His father, George, is the director of football at Ross County and previously played for Aberdeen as well as working under Sir Alex Ferguson at East Stirlingshire. Adams Snr is also a respected youth guru, having ironically helped to unearth top talents like Celtic's Aiden McGeady, who'll be charged with shooting down County.
Craig Brewster is also part of the Ross County management team and he's been another supportive figure Adams Jnr has been able to lean on. There's little doubt all three will have been locked in talks this week about how to silence the likes of McGeady and Robbie Keane, while the wise men will also be mindful league glory remains a realistic aim.
"I have often discussed certain things with my dad and Craig and it's great to have them around as sounding boards," the manager said. "However, I've not always received the answers I was looking for when I've questioned them about things and it's up to me to make the final decision.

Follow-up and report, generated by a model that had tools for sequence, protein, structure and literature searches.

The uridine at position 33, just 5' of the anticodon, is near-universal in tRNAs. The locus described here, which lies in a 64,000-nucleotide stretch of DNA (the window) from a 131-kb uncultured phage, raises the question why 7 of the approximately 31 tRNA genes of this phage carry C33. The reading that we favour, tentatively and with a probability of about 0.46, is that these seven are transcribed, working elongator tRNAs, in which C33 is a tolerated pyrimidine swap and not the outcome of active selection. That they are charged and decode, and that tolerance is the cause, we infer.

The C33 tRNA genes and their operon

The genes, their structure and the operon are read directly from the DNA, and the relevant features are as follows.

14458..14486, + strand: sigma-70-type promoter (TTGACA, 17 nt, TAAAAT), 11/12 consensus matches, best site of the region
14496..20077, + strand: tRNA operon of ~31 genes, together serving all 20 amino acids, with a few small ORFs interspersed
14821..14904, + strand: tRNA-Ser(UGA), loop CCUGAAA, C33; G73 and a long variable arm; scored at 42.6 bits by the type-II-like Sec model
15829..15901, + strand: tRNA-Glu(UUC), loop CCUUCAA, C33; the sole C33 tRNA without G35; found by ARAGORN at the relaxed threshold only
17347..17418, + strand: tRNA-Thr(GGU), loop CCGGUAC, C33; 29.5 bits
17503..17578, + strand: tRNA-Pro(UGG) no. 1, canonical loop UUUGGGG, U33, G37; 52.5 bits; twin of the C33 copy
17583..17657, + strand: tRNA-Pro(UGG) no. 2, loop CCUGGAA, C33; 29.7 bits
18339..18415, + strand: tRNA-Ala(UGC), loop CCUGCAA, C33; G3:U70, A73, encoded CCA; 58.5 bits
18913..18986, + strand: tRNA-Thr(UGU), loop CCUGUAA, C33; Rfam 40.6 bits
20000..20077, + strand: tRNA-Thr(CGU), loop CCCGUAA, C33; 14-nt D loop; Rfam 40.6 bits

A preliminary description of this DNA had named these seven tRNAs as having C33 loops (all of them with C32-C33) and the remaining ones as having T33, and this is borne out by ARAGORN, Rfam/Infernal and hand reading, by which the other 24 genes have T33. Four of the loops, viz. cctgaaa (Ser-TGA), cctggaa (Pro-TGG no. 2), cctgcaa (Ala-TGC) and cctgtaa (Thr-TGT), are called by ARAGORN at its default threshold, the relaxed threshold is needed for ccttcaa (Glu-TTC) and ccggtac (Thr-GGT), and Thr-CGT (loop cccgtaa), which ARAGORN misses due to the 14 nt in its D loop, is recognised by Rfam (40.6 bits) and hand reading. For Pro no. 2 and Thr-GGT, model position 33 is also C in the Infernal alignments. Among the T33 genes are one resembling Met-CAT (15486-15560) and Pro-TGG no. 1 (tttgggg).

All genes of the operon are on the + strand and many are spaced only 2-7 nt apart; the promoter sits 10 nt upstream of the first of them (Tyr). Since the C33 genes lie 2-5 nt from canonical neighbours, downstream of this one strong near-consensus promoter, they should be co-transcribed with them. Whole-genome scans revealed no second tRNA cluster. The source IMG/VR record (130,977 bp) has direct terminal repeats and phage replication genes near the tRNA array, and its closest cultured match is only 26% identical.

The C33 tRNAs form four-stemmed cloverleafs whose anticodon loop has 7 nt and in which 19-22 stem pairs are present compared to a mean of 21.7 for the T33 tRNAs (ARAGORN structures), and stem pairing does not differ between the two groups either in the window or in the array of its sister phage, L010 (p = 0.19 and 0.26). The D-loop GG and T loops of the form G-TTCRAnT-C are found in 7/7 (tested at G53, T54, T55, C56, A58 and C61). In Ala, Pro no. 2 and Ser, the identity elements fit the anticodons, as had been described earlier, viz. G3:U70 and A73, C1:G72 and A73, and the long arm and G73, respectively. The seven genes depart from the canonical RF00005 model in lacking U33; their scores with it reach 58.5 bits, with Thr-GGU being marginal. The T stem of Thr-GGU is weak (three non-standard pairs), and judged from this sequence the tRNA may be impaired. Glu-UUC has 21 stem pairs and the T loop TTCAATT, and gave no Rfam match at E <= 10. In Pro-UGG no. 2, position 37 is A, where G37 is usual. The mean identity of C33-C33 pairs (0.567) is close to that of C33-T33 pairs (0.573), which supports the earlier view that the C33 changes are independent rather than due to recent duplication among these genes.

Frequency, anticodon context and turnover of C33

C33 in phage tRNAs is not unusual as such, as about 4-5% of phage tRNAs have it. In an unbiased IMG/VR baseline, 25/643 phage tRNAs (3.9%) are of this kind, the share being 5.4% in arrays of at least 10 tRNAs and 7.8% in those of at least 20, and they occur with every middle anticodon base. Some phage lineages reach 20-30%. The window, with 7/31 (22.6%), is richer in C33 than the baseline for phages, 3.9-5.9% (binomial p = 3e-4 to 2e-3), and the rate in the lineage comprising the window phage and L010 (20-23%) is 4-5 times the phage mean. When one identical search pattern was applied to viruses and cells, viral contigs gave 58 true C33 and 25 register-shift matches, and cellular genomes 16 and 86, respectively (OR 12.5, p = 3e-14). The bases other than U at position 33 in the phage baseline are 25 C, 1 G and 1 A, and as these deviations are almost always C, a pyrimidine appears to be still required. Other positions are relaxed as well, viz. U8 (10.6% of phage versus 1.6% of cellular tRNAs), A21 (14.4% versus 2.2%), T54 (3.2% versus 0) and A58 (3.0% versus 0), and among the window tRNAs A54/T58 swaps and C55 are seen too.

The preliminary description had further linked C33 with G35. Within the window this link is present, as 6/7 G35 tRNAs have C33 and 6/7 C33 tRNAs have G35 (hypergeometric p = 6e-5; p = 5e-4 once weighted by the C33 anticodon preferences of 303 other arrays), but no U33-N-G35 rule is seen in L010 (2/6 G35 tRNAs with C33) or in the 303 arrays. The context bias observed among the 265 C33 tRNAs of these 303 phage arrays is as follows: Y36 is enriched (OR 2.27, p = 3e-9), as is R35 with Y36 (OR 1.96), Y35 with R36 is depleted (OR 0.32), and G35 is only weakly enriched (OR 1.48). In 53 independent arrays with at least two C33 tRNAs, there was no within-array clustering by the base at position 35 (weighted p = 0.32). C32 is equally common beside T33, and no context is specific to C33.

"I'll have some tough ones to make in terms of who to pick this weekend and we've got the league campaign beyond the semi-final to consider. It's not going to be easy playing so many games between now and the end of the season but we've got a very fit group of players.
"Our squad is relatively tight so there's little margin for error but the magnitude of the games coming up means everyone is up for the battle.
"We have nine games to play within four weeks. In the last week of the season, we have to play Saturday, Monday, Wednesday and Saturday. It's the price you pay for cup runs but we wouldn't change it as we have a semi-final as our reward.